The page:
How did Jesus’ death “fulfill the prophetic Scriptures?” Here’s the explanation he gave in Gethsemane.
Fight or flight? Many kings have faced that choice. In a field just outside his capital, the true king rejected both options. Neither would bring peace to a divided world.
If you don’t flee and you don’t fight, you could die. Not very attractive, but it is an option: stay and die.
Instead of taking flight, Jesus stayed in Gethsemane, consulting his Father, the architect of human history. He triple-checked for any other alternatives (26:36-46). When the crowd with swords and clubs arrived to take him, he rejected the fight option too.
Matthew doesn’t name Peter as the disciple who unsheathed a dagger. It’s too late for flight. He sees no option but to fight for his king. He swings his sword. The high priest’s servant sees it coming and drops his head to one side. The blow aimed at his neck slices off his ear.
The king orders him, Put your sword back in its place! All who take the sword will destroy themselves with the sword.
What astounding insight! Jesus wasn’t merely saying that those who rely on weapons for survival probably won’t. He said the very act of choosing weapons to kill humans destroys our own humanity (ἀπολοῦνται = future indicative middle).
Ask returning soldiers who’ve seen killing whether Jesus is right. Ask them how many friends they’ve lost to the spectrum from shellshock to suicide. War destroys more than the enemy.
But what sort of option is stay and die? Is that what the Scriptures required of him? It’s not what previous kings had chosen.
Continue reading “Why did Jesus have to die? (Matthew 26:47-56)”
Since we can’t have the marches and parades this year, let’s make Anzac Day a more contemplative experience. Whether you’re educating children at home or just wanting to make the day stand out from the humdrum of lockdown, let’s make it significant. Continue reading “A different Anzac Day”
Jesus was not speaking as a prophet when he said, “You will hear of wars and rumours of wars.” Anyone with a basic understanding of history or politics knows that. Jesus had a point to make: how we respond to news of war.
What response did Jesus expect from his disciples? Christian responses to war have been polarized, as if Jesus said one of these: Continue reading “Jesus on war: pacifism, or just war?”
Open Romans 13:1-7.
We discussed what this passage says about the authority of the state. Now we turn to the question of whether God authorizes governments to conduct wars, and whether it authorizes Christians to kill enemies in war.
Romans 13:4 is the crucial verse, and I’m going to argue these points:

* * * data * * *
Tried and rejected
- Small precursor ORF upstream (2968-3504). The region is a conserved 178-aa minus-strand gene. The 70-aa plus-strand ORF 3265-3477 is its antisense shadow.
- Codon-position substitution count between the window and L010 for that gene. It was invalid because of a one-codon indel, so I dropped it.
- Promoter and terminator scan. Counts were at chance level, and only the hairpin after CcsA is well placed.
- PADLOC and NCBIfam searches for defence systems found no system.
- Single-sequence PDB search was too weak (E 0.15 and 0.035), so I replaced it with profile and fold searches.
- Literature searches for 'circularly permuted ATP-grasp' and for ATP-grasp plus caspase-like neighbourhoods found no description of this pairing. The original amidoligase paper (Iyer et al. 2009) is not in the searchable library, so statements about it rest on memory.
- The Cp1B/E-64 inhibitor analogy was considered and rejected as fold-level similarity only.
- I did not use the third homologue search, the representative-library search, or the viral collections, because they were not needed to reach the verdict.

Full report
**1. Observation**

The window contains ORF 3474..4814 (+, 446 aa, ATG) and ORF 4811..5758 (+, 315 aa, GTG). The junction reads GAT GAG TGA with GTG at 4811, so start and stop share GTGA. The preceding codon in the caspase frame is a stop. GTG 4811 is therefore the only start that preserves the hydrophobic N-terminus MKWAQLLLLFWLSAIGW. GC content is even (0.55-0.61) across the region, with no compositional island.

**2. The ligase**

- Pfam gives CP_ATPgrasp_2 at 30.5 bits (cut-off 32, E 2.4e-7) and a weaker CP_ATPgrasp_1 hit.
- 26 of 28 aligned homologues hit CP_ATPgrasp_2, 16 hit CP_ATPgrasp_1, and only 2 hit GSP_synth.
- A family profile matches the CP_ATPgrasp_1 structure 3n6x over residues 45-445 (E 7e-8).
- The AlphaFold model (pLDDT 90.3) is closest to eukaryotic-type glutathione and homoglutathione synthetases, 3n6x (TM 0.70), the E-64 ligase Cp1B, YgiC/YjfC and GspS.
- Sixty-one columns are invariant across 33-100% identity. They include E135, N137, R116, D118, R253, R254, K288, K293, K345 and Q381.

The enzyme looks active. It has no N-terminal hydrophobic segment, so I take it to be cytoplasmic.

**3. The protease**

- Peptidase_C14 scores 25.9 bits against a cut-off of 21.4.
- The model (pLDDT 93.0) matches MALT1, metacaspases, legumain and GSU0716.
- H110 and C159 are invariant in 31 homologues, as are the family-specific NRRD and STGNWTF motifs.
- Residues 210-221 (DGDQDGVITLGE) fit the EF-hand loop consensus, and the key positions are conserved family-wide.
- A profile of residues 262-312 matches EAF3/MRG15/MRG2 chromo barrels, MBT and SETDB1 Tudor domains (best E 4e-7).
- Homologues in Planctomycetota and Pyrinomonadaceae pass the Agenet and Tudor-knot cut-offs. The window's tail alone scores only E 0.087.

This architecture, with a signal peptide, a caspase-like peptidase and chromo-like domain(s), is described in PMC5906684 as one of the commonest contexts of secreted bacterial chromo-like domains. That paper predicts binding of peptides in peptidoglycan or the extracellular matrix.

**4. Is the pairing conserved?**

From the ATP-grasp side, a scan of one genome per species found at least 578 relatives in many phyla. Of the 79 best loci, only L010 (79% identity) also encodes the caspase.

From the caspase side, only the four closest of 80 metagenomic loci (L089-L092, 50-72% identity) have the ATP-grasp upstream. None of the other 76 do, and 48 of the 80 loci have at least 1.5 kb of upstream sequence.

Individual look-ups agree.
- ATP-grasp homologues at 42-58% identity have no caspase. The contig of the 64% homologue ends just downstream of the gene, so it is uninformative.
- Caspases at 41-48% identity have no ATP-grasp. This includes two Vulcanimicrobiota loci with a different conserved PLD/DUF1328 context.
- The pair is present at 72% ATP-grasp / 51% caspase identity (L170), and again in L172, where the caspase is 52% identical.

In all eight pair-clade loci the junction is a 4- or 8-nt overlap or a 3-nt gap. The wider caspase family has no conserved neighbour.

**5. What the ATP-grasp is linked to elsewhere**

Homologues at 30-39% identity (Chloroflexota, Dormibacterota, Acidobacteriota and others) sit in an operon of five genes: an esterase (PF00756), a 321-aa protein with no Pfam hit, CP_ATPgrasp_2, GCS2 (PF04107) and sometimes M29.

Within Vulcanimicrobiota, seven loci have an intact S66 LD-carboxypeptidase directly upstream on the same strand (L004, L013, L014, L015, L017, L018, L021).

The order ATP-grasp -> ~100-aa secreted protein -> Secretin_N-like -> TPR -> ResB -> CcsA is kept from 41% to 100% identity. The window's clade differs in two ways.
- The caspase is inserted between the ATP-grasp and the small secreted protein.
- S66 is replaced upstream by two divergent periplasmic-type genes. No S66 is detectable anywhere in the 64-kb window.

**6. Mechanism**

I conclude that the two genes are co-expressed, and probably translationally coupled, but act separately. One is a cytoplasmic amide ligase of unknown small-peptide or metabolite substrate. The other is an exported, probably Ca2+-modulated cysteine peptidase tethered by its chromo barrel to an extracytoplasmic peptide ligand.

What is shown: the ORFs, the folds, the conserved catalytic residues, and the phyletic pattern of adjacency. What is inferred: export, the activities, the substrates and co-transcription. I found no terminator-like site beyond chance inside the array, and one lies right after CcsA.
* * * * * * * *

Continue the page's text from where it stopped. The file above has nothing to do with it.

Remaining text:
- carrying the sword refers to punishing wrongdoers, not prosecuting war;
- the New Testament does not instruct the state about war;
- followers of Jesus must not go to war, because our King forbids it.
Here’s the context:
Continue reading “Should Christians go to war? (Romans 13:1-7)”
It makes a difference who we label as “enemy.”
Turkish people are fascinating. The merchants of Turkey engage you in conversation, showing an interest in you as a human being before they try to sell you something. There’s one conversation I’ll never forget.
He had camels for hire. I mean, the camels were rather obvious. He walked with us for a bit. Learning we were Australians, he asked, “You’re visiting Gallipoli?” Gallipoli is the stuff of legend. The ANZAC troops landed there in World War I to capture the strategically important Dardanelles for the British. They held out bravely, though thousands lost their lives. 100 years later, Australians still remember the ANZACs with a public holiday each April. Continue reading “Who is our enemy? (Matthew 5:43)”
Should Christians go to war?
Open Matthew 5:43-48.
In the Sermon on the Mount, Jesus paints a picture of the earth restored under God’s government. Earthly governments have always relied on violence to conquer each other and build kingdoms. (See Why war?) Israel’s prophets envisaged a day when the Messiah would sort out their enemies and restore peace under God’s reign. Their useless swords would be repurposed as tines for the plough (Isaiah 2:4; Micah 4:3). It’s a wonderful vision. What a difference it would make to repurpose the world’s military spending — US $1.6 trillion dollars— to growing food instead of preparations to kill people!
So should the nations just demilitarize now? And if their enemies refuse, should God’s people unilaterally demilitarize? What would happen if we didn’t fight back? Continue reading “His kingdom in a violent world (Matthew 5:43-48)”
If you don’t understand who your enemy is, you fight the wrong people.
Open Matthew 4:1.
Why on earth would the Holy Spirit lead Jesus out into the wilderness to be tempted by the devil? Continue reading “The Spirit led Jesus to be tested? (Matthew 4:1)”
Jacob was petrified of facing Esau, until he found he had a bigger fight on his hands.
I hope that reading the Bible as the story of the God’s kingdom is helping unfold its core message to you. It really does make a huge difference. Even those who write commentaries on the Bible have difficulty making sense of the text if they miss this perspective. Continue reading “Discovering God’s army (Genesis 32:1-12)”
If you love high-drama action stories, you’ll love this! Abram left everything for the land where God promised he would establish his nation, yet the whole project is constantly under threat: Continue reading “The threat of war (Genesis 14:1-16)”
Honesty moment: do you skip over the genealogical lists when you read the Bible? Can’t see the significance? Genesis 10 lists the names of 70 nations, but there’s an intriguing message right in the middle. Continue reading “Why war? (Genesis 10)”